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4.4 out of 5 stars65
4.4 out of 5 stars
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I really liked how this crime novel morphs into very good historical fiction. Beyond that, author Allan Massie has created some terrific characters in this well written story, including protagonist Jean Lannes, Superintendent of the Police Judiciare of Bordeaux. The action swims in the political crosscurrents of the moment as the Germans occupy half of the country (including Bordeaux); the collaborationist Vichy Government administers the Central and Eastern interior of France; and the European sector of WWII is just beginning to heat up as the British recover from an early mauling and the Nazis turn on their erstwhile allies, the USSR. Loyalties are unstable and unpredictable and betrayals are common and often brutal.

Superintendent Lannes is trying to do his job as a senior cop while balancing family crises and competing political elements, including British and Free French who want his cooperation for a number of competing projects. Amidst this unwanted swirl of complications comes a murder case that seems to be of interest to all players--some who want a solution to the crime, but most who don't.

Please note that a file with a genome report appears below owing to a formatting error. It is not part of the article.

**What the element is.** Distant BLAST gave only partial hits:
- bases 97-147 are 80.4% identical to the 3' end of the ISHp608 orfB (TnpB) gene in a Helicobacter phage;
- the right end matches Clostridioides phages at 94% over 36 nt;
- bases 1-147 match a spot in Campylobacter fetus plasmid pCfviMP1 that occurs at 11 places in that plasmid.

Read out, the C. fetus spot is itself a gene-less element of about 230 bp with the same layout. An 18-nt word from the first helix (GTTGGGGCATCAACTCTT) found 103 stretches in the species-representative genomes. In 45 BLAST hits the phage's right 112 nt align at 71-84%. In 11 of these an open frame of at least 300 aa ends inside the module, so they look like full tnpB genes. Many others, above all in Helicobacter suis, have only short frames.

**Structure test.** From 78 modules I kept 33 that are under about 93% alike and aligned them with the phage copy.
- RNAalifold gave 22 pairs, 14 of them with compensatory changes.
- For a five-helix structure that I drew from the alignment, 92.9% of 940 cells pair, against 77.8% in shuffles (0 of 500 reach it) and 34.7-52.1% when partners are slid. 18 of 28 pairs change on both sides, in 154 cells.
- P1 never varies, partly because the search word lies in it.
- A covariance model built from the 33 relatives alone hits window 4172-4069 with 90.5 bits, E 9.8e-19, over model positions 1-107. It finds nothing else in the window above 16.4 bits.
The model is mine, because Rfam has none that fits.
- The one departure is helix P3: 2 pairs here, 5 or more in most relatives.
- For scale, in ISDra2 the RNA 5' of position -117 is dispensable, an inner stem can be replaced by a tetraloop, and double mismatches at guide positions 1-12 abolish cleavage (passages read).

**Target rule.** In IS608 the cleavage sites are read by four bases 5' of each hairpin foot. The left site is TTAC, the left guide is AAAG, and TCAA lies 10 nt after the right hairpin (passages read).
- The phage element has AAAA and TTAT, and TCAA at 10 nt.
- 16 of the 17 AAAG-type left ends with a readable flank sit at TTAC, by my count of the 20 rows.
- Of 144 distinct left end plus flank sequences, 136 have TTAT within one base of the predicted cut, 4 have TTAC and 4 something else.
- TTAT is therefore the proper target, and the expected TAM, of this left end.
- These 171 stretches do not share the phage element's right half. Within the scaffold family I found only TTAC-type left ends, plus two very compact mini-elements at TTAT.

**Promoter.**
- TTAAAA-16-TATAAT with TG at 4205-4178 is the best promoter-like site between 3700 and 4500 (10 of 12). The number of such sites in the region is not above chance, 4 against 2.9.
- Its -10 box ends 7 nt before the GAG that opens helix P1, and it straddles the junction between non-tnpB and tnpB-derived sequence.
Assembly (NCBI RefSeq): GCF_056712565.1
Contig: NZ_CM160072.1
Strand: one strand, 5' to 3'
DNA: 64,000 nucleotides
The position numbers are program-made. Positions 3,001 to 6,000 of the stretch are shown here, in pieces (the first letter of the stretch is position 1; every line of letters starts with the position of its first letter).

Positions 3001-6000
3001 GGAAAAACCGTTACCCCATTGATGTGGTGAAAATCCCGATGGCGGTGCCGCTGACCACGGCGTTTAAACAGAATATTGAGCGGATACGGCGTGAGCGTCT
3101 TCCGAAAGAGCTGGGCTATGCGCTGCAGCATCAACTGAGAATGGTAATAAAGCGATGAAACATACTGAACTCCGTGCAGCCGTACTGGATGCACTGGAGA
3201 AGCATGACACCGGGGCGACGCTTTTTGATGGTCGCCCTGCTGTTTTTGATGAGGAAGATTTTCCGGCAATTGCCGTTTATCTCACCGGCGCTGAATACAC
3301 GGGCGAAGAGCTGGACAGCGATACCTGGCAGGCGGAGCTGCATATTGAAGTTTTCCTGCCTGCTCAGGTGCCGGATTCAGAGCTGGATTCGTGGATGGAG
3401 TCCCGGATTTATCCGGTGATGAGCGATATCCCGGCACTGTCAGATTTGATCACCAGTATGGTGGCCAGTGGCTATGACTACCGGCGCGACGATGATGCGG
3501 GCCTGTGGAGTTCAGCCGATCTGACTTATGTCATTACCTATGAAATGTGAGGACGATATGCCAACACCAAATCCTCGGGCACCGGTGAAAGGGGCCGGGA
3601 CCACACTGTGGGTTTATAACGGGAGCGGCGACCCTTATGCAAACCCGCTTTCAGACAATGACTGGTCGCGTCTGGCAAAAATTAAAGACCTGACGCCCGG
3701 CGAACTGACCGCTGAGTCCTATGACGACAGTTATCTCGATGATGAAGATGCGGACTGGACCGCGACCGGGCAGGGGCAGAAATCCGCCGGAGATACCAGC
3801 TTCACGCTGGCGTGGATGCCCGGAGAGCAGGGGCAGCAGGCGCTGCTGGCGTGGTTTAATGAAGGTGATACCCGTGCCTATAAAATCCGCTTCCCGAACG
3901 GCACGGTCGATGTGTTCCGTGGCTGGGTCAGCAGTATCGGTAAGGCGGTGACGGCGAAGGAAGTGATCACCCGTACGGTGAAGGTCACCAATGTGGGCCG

Author Massie deftly juggles a very large cast of characters that pulls the reader in from the first page. There's almost the pleasure of a soap opera in all of this, but the overlay of the war and the helplessness of people living under occupation or social restraint is clear and keeps it all on a serious plane. That doesn't lessen the enjoyment of the story by a whit. This is a fine, enthralling tale from a very good writer. The conclusion suggests that there will be a sequel. And it might be useful to note as well that there is a first episode to this story in "A Death in Bordeaux." On reflection, I wish that I had read the first installment before picking up "A Dark Summer...", but overall, the latter stands alone very well.